3(21) VS. 3(38) ADVISOR > ERISA 3(21) Investment Fiduciary Services Fund Selection and Monitoring –Monitor your provider(s) –Create Investment Policy Statement –Recommend funds to be used by plan –Monitor funds for continued compliance with Investment Policy Statement –Report fund performance and give advice on change – but not given discretion –Advising on Plan design, legislative changes and document review –Monitor and negotiate fees > ERISA 3(38) Investment Fiduciary Services –All the services listed above for a 3(21) advisor –The difference: a 3(38) advisor is given discretion over their plan duties –Determine when it is necessary to replace a fund used by plan –Select replacement fund(s) for Plan and notify the Sponsor and employees of the changes 9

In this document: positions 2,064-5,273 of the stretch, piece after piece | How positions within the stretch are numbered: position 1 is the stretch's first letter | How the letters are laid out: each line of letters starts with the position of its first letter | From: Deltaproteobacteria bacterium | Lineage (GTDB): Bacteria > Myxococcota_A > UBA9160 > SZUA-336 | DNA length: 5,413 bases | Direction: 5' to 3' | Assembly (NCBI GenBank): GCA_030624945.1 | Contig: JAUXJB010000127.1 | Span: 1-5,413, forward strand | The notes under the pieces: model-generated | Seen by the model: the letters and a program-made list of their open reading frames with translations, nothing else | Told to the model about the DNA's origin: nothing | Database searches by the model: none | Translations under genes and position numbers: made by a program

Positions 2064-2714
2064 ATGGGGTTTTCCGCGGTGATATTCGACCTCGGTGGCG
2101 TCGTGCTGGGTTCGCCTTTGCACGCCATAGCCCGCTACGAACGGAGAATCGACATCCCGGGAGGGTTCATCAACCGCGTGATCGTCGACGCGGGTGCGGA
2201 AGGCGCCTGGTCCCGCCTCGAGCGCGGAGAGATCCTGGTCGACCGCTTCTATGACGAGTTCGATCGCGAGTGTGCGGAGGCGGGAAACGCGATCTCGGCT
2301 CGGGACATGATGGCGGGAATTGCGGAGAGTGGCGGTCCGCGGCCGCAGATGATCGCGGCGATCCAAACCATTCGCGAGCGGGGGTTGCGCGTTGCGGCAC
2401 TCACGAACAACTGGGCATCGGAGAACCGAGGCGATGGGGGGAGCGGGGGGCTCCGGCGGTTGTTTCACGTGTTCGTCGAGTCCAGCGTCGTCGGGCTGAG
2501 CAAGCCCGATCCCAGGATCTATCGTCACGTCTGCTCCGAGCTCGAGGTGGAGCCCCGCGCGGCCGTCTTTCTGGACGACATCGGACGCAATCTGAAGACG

CURRENT TRENDS IN MANAGING FIDUCIARY LIABILITY >A retirement plan advisor can serve in either a 3(21) or 3(38) fiduciary capacity, and in some cases, both. >The needs and desires of the Plan Sponsor typically dictate the specific arrangement, which is predicated upon the subject of risk mitigation. >Some Plan Sponsors want assistance with their fiduciary responsibilities but still want to maintain discretion and control of their Plan’s investment menus. >Others want to shift the fiduciary responsibilities to a third party to further reduce their liability. 10
INVESTMENT POLICY STATEMENT >Establish benchmarks for fund evaluations including: –Peer ranking –Risk-adjusted returns –Volatility –Style Drift >Establish procedures for adding, deleting, and mapping investment options: –Watch list –Probation –Deselection 11